1. I find that if I write down the self-loathing thoughts, in quotes, labeled as "thoughts", that I get just enough distance to see the pattern, a little breathing room. Often it brings sadness with it, when I see how self punishing I've been in my life, and how lonely I was growing up, trying to find ways to be loved and accepted, and like you said, sometimes we feel crappy and it will pass, if we have the courage to let it be there.

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  2. In the context of "being with the discomfort" and "doing nothing," I found it helpful during a recent late-night, self-loathing episode to ask myself, "what is happening exactly right now?" This brought me to feel my body lying on the bed, the softness of the pillow, the safety and comfort of my home, and the rise and fall of my breath. Simply that. This helped me direct my attention away from feeding the self-loathing thought loop and into the present moment awareness that things are really ok right this moment. And it helped me fall asleep, which was necessary. Thank you very much for your "Self-Hatred Attacks" posting. It helped me a lot to know that there are others who "do nothing" to ride the waves of self-loathing.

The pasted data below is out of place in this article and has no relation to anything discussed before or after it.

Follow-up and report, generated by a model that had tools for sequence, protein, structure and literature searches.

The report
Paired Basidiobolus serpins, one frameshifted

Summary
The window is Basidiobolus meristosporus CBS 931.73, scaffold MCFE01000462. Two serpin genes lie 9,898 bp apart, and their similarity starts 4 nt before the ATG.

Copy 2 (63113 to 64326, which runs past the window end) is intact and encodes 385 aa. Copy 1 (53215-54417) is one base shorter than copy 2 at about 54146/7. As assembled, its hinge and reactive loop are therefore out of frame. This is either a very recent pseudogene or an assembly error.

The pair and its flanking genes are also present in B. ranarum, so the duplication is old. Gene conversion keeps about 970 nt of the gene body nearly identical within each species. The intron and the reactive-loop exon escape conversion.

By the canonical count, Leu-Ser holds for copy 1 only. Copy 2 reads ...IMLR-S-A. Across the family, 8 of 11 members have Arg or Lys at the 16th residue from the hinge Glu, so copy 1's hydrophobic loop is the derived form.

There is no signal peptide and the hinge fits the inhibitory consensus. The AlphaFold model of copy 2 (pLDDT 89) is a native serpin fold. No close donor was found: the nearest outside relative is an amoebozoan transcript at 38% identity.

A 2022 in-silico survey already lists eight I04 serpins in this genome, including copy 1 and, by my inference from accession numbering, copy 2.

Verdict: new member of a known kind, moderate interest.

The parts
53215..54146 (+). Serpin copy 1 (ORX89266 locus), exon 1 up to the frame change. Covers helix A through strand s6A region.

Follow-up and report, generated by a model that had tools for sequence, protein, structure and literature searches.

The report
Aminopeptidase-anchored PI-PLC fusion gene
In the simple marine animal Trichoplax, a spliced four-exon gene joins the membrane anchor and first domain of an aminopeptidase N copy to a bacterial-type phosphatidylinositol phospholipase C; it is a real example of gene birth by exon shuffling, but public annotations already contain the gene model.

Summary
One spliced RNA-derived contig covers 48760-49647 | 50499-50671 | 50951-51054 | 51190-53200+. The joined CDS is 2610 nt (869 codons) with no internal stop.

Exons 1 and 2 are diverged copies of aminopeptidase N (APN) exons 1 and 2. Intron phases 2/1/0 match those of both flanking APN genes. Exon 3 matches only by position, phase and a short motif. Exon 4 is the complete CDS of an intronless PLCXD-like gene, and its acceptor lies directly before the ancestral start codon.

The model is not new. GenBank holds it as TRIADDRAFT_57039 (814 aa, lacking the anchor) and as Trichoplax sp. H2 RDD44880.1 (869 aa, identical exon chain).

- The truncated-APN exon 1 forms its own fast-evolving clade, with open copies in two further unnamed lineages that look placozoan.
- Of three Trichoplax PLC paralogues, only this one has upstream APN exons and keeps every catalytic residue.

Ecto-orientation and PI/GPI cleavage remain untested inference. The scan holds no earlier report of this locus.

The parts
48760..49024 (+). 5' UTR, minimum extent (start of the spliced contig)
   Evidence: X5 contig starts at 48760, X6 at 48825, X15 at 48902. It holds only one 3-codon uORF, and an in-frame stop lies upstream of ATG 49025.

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  3. http://www.youtube.com/watch?v=mH2sEqrCza4&feature=results_main&playnext=1&list=PL603BD0B03E12F5A1

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  4. i thought I'm the only one who has "self hatred attacks " it gets so ugly sometimes , the pain it causes is unbearable. i love you post (Y) it made me feel normal.

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  5. Like the other posters this helped immensely to know I'm not alone in this. I was having anxiety with strong self loathing so I googled those words and this came up. Thank you for posting this! Helped me a lot.

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  6. I still am acting out self hatred thru punishment at 50. It takes many forms depending on the thoughts. I am grateful for this post.

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  7. I usually end up putting my self loathing in my writing, and it ends up being a cathartic experience. After I've written everything down, I read it. Then I just lie down and relax, and once I'm calm, I read what I wrote and realize how irrational it was. Idk if that actually helps much, but I appreciate this article for showing me a different viewpoint.